Bias in foraminiferal multispecies reconstructions of paleohydrographic conditions caused by foraminiferal abundance variations and bioturbational mixing: A model approach

L. Löwemark, K. I. Konstantinou, S. Steinke

Research output: Contribution to journalArticlepeer-review

21 Scopus citations

Abstract

A simple box model was applied to study the combined effect of bioturbation and foraminiferal abundance variations using synthetic isotope records constructed from the Greenland oxygen isotope record (GISP2). Apart from the well known general smoothing of the signal, the attenuation of peak heights, and the up- or downwards shift of the proxy records at intervals of changing abundance, the modeling results draw attention to two effects of special importance to climatic reconstructions based on the comparison of proxy signals from two or more planktonic foraminifer species. First, the bioturbational mixing of tests out of abundance maxima and into over- and underlying sediment can lead to the introduction of stratigraphic shifts between different species when species with opposing abundance patterns are used. This shifting of the signals can easily result in apparent increases or decreases in the isotopic gradients between different species, especially at intervals of rapidly changing climate conditions. Second, in intervals with rapidly changing environmental conditions, such as Dansgaard-Oeschger cycles, where species with different preferences often show opposing abundance patterns, the mixing of foraminifer tests out of their respective abundance maxima can result in a general, but artificial, offset between the two species. This offset then may disappear during intervals of slower variability. These artifacts have the potential of seriously biasing any paleoceanographic and paleoclimatic reconstructions based on multispecies analysis where the studied species show opposing abundance patterns. It is therefore highly recommended that species with as low abundance variations as possible, or at least with similar abundance variations, are used whenever multispecies reconstructions are attempted.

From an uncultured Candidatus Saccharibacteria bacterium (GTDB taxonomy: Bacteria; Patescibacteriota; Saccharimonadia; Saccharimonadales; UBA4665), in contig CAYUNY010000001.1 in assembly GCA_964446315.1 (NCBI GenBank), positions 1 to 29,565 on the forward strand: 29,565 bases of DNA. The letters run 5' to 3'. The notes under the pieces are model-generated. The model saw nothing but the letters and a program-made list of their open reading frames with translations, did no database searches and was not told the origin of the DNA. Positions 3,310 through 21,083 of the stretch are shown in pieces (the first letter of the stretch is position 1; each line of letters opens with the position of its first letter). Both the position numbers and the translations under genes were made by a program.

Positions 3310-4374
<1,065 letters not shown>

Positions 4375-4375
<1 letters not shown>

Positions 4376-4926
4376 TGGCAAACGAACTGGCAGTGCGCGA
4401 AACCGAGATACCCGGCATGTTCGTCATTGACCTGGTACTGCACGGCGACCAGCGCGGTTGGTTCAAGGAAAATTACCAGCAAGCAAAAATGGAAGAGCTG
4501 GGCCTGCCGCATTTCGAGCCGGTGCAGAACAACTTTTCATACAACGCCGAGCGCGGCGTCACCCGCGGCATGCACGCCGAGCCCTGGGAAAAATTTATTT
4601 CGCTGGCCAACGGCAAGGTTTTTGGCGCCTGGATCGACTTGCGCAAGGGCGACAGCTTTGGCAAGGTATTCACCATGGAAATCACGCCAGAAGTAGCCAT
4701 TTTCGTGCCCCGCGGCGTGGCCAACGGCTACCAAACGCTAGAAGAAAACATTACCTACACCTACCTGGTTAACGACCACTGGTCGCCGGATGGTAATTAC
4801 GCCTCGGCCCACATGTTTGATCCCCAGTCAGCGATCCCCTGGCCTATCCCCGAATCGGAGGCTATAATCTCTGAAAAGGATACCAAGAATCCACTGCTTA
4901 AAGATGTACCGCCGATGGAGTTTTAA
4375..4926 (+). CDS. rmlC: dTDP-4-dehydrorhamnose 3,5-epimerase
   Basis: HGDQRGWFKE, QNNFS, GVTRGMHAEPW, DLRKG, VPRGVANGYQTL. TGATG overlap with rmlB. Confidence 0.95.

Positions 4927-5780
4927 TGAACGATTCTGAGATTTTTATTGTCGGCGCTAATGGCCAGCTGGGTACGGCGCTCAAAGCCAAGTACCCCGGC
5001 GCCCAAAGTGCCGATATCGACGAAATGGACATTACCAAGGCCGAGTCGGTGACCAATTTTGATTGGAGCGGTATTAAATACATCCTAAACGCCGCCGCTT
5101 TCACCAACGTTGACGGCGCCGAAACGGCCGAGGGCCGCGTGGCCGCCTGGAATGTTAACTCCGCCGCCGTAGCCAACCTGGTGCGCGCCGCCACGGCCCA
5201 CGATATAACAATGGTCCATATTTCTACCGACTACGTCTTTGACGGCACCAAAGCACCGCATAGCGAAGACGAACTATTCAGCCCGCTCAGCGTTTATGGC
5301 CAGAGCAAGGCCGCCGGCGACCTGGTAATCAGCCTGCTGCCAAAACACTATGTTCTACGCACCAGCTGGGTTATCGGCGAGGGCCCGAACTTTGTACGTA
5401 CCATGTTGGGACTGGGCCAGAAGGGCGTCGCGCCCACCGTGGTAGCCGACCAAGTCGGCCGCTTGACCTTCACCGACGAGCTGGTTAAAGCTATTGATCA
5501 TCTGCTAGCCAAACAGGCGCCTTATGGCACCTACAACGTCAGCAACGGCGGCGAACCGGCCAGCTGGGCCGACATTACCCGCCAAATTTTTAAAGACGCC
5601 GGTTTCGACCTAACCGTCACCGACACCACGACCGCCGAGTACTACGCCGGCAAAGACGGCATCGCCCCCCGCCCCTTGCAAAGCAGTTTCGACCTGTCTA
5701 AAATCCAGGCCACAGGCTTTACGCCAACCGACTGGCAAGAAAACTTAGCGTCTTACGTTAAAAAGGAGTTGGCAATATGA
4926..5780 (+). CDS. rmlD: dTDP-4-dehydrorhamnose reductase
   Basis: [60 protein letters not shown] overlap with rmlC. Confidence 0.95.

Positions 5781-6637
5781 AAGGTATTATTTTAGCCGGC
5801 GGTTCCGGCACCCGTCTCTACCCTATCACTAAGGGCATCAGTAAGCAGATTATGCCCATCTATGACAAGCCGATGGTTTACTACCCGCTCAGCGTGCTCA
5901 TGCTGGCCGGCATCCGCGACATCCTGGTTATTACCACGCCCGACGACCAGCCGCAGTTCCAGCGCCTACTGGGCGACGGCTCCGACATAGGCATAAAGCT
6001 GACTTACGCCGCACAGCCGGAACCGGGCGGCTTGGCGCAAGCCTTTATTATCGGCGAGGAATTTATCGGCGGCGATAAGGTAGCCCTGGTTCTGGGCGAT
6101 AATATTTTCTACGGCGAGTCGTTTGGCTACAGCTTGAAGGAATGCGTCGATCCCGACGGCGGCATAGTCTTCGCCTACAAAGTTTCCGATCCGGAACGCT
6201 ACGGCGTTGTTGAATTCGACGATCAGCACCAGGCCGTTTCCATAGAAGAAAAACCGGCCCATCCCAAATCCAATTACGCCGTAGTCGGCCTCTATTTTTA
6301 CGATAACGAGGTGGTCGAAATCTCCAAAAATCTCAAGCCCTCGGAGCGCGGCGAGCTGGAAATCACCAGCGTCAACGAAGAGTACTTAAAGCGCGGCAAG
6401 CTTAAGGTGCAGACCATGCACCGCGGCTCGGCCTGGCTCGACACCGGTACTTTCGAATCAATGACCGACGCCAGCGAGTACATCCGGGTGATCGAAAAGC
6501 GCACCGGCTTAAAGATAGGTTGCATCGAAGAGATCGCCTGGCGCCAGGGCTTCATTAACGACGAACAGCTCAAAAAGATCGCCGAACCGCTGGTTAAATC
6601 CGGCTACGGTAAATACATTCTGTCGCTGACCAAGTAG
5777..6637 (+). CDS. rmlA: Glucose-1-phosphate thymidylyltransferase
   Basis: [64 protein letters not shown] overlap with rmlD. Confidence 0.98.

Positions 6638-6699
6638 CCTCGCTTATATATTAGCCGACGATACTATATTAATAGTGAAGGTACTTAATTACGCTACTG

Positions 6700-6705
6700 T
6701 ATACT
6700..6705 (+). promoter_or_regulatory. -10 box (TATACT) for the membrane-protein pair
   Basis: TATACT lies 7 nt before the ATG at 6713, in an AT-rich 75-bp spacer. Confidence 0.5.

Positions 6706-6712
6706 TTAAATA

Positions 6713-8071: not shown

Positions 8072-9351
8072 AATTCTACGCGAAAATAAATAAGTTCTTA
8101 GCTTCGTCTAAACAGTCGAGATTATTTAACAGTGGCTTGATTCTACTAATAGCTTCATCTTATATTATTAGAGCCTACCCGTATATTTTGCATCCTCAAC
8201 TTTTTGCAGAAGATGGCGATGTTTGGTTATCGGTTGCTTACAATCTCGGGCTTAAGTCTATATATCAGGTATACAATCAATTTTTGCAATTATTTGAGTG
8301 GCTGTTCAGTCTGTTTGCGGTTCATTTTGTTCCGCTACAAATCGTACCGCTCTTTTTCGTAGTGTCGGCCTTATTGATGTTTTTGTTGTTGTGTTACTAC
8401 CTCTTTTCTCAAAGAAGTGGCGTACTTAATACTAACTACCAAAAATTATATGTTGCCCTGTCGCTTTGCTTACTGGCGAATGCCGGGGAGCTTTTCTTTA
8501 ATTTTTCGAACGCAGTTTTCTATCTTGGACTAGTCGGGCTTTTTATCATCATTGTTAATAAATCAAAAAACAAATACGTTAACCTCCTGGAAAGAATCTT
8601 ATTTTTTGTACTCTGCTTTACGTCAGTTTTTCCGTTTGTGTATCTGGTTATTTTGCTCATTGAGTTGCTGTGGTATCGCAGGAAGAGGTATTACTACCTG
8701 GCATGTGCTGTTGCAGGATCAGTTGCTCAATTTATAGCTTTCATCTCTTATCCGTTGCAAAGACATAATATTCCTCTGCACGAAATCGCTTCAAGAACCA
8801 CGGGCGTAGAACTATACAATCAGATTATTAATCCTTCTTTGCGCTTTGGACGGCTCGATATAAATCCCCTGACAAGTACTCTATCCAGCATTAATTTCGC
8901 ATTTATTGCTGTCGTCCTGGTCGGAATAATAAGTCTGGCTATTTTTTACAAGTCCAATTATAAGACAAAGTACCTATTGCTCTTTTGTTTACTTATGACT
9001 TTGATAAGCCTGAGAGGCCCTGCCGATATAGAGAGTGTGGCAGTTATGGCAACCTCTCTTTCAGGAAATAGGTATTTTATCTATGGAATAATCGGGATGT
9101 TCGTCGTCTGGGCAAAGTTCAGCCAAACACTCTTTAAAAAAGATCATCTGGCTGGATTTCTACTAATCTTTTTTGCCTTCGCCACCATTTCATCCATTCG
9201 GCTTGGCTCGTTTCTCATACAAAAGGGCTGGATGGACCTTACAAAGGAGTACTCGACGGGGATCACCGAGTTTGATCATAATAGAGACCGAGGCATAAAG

Original languageEnglish
Pages (from-to)101-106
Number of pages6
JournalMarine Geology
Volume256
Issue number1-4
DOIs
StatePublished - 20 Dec 2008

Keywords

  • bioturbation
  • multispecies approach
  • planktonic foraminifera
  • stable oxygen isotopes
  • surface water hydrography

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